CMS Approves Ohio Medicaid Work Requirement
Ohio has become the eighth state to receive federal approval to implement a work requirement for its expanded Medicaid program.
Ohio requested permission to alter federal eligibility rules under a Section 1115 waiver and received approval from the Centers for Medicare and Medicaid Services (CMS) on March 15.
The work rules will apply to any able-bodied adult covered under the state’s expanded Medicaid program and would not apply to caregivers, individuals aged 50 or older, those with a chronic medical condition, or those who qualify for the Supplemental Nutrition Assistance Program or the Able-Bodied Adults Without Dependents Program.
To remain eligible for the program, Medicaid recipients must show they are working at least 20 hours a week, looking for work, receiving education or training, or participating in community service.
It is unclear when Ohio will begin enforcing the new rule. Litigation has delayed Medicaid work requirements in Arkansas and Kentucky. A similar suit is pending in New Hampshire.
Indiana has a fully implemented work rule. Alabama, Mississippi, Oklahoma, South Dakota, Tennessee, Utah, and Virginia are waiting approval for their work rule waiver requests.
‘One Stop Shop’
“If you are struggling to get ahead, we want to make sure that you have access to health care coverage, but we do expect you to work in return for that coverage,” said Ohio Lt. Gov. Jon Husted in an interview with WSYX-TV.
“This was a controversial part of the Obamacare plan, and the legislature has resisted Medicaid expansion for a number of years,” Husted said. “[Former Gov.] John Kasich implemented it. What we sought was a waiver to that policy, so that we could add a work requirement.
“And also, upon signing up for this, we are going to give them the ability to sign up for job training or apply for a job. It will all be a one-stop shop,” Husted said.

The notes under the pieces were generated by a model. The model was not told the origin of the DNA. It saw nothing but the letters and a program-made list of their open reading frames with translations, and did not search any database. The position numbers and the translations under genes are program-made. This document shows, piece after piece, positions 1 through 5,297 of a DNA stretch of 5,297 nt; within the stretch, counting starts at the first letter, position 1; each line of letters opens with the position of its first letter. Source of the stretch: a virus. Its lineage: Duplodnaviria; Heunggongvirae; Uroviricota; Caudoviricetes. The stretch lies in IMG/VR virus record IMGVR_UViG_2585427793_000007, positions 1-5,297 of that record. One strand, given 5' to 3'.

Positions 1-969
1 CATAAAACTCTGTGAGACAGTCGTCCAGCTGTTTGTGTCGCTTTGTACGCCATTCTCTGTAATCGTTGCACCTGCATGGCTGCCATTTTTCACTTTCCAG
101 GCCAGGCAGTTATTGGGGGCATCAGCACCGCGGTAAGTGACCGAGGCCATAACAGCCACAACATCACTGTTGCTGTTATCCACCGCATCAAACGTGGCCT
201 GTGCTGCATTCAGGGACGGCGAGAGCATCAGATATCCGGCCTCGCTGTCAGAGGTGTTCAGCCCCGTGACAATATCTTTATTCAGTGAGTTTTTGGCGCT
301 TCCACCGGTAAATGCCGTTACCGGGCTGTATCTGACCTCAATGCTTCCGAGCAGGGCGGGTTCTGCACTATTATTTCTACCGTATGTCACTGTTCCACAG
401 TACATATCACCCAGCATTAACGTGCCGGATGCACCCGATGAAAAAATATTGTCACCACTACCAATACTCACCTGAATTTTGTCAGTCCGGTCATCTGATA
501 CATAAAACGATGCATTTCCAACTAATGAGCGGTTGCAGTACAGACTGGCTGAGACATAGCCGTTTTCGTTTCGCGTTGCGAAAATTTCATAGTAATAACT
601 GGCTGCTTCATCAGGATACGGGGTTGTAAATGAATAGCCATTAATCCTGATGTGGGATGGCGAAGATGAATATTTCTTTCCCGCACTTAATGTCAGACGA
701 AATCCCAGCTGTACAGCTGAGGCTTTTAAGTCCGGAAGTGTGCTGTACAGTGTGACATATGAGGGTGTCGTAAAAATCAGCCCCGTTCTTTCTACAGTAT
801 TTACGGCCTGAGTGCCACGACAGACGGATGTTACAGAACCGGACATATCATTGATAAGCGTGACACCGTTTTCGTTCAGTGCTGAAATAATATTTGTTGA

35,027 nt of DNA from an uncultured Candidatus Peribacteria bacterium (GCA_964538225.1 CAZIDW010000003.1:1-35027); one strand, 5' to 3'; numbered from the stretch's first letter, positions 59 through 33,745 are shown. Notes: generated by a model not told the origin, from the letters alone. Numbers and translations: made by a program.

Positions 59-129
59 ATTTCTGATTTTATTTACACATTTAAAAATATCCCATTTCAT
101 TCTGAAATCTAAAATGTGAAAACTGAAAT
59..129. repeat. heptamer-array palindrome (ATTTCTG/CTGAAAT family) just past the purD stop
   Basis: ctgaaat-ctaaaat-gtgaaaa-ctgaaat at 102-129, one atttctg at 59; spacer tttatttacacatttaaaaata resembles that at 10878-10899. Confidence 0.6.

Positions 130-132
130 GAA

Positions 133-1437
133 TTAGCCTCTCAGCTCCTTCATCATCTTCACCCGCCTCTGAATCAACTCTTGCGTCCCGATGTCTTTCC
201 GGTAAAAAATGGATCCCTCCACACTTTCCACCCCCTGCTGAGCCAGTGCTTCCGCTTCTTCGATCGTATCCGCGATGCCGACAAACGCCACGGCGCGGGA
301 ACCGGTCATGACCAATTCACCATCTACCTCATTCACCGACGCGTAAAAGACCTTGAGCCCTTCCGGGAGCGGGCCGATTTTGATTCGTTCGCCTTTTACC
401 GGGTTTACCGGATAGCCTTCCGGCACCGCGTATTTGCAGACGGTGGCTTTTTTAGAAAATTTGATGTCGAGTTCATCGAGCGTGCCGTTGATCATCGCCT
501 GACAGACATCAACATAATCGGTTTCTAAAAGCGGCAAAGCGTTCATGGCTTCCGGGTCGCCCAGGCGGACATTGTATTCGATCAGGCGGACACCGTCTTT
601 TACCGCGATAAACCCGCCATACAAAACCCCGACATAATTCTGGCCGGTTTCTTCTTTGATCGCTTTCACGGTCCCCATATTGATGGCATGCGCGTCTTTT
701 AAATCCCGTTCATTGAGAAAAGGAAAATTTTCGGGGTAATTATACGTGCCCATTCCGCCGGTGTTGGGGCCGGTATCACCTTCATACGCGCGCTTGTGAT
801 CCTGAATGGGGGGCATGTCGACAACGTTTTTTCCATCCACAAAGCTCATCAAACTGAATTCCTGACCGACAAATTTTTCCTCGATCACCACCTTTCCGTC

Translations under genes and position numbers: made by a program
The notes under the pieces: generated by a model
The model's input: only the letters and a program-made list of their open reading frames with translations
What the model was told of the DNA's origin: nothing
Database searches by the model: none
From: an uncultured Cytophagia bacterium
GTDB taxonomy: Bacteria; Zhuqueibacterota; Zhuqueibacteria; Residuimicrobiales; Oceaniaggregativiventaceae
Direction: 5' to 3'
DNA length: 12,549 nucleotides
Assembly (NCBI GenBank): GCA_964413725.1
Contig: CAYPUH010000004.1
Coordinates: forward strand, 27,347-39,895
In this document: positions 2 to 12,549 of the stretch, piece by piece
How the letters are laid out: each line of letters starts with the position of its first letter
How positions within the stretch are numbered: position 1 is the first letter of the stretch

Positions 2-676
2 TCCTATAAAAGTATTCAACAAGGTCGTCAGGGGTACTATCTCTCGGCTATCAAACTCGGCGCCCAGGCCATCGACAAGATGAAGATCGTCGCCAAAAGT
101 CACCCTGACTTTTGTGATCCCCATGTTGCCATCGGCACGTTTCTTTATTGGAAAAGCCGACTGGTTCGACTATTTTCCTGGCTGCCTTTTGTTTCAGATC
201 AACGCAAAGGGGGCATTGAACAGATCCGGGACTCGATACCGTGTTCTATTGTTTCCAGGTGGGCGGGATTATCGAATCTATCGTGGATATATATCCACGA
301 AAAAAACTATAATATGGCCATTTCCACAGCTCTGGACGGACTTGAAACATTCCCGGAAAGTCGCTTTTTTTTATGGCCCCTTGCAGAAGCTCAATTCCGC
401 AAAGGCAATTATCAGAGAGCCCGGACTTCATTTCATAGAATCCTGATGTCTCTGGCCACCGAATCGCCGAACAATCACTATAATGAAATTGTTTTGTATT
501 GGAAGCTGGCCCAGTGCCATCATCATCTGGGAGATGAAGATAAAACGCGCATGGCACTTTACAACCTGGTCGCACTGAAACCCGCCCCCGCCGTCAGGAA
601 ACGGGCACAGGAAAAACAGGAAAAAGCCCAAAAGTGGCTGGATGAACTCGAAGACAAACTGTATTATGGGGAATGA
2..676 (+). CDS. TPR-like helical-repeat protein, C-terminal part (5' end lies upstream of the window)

Work Requirement Bonus
Ohio’s decision to request a work requirement is smart for the taxpayers and good for Medicaid enrollees, says Rea Hederman, vice president and executive director of The Buckeye Institute.
“Research has shown that Medicaid expansion can lead to enrollees working less, leaving the labor market entirely [in order] to maintain Medicaid benefits,” said Hederman. “Welfare reform has shown us that work requirements encourage people to find jobs. Ohio policymakers are aware of this research and want to ensure that Ohio’s system helps keep people connected to the workforce, which our research shows will help recipients gain valuable work experience and generate higher earnings and incomes.”
According to the 2018 report, Healthy and Working: Benefits of Work Requirements for Medicaid Recipients,a work requirement could increase lifetime earnings by close to $1 million for individuals who transition off of Medicaid, and lifetime earnings by more than $300,000 for those who remain on Medicaid for their entire working life.
“By keeping enrollees connected to the workforce, Medicaid work requirements will help people gain experience and learn new skills,” Hederman said.
Cory Compton (email@example.com) writes from Cheboygan, Michigan.